Sergey Nivens - stock.adobe.com
Amazon Web Services (AWS) has unveiled the next phase of its $20m bid to provide organisations involved in diagnostics research and development with the cloud services they need to join the global fight against the Covid-19 pandemic.
First announced in March 2020, the AWS Diagnostic Development Initiative has so far helped 87 organisations – including non-profits and research institutions – in 17 countries to access the cloud resources they need to support the delivery of a wide range of coronavirus-related diagnostic projects.
These include a project run through the Stanford University School of Medicine that resulted in the creation of a smartwatch app that can pick up on signs that a person’s immune system is fighting off a potential Covid-19 infection.
It does this by employing an algorithm that detects changes in the person’s resting heart rate and step count, and its creators claim it can be used to pinpoint affected individuals 10 days before they start showing symptoms of the disease.
“We have awarded $8m supporting a range of projects, including molecular tests for antibodies, antigens and nucleic acids; diagnostic imaging; wearables; and data analytics tools that use artificial intelligence and machine learning to detect the virus,” AWS said in a statement.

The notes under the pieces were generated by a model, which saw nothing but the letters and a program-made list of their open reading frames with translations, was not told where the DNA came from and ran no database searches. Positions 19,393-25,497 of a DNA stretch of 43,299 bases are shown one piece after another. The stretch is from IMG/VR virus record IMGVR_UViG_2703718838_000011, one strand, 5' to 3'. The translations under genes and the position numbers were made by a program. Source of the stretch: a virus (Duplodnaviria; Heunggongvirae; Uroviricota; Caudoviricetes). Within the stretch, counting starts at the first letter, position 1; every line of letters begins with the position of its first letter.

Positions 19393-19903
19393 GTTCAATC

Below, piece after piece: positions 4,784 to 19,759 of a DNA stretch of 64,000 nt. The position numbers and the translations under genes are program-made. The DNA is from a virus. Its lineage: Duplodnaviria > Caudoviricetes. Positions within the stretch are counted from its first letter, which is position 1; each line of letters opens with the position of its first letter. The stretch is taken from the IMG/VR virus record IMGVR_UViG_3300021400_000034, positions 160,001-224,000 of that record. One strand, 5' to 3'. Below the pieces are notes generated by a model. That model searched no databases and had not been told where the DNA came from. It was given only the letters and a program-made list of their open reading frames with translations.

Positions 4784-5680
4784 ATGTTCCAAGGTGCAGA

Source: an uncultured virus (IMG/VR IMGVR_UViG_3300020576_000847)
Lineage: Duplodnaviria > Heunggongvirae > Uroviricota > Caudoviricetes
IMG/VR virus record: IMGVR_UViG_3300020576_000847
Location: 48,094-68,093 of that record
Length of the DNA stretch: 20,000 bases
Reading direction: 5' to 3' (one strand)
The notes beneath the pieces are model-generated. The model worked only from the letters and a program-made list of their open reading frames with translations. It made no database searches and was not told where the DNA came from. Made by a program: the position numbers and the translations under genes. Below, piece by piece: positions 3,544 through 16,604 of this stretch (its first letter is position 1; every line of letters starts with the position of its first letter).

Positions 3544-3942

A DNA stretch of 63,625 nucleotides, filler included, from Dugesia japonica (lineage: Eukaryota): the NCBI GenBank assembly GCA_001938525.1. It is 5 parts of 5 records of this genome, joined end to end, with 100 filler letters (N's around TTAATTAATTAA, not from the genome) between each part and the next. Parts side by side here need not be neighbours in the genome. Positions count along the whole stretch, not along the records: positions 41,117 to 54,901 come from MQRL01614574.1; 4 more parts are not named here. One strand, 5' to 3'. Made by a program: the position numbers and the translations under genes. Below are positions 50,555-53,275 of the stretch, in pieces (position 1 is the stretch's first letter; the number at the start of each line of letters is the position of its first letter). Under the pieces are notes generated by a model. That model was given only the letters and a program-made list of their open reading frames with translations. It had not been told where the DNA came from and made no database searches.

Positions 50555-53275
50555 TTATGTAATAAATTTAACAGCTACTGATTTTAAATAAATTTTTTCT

The cloud giant said it is now preparing to broaden the scope of the initiative beyond the confines of diagnostic projects such as the Stanford effort, to fund the delivery of cloud resources to organisations involved in research relating to early disease detection, public health genomics, and finding ways to better understand how the disease affects people over time. It will also support projects pertaining to other infectious diseases.
This broadening in scope coincides with a pledge from AWS to pay out the remaining $12m it committed to the initiative back in March 2020 over the course of this year, the company confirmed.
“AWS will prioritise Covid-19 projects, but will also evaluate projects focused on other infectious diseases,” it said. “We will accept applications through the end of the year, with priority consideration given to applications received before 31 July 2021.”
Vin Gupta, chief medical officer of Amazon’s Covid-19 Response, added: “We have seen transformative innovations in how we diagnose disease over the past year, from machine learning-powered X-ray imagery analysis to new developments in rapid, high-quality and direct-to-consumer tests.
“These changes will continue to evolve and improve our ability to respond to future outbreaks. We have already seen inspirational results from the Diagnostic Development Initiative, and we look forward to supporting broader uses of cloud technologies to enable organisations and communities to identify and respond even faster to future outbreaks.”
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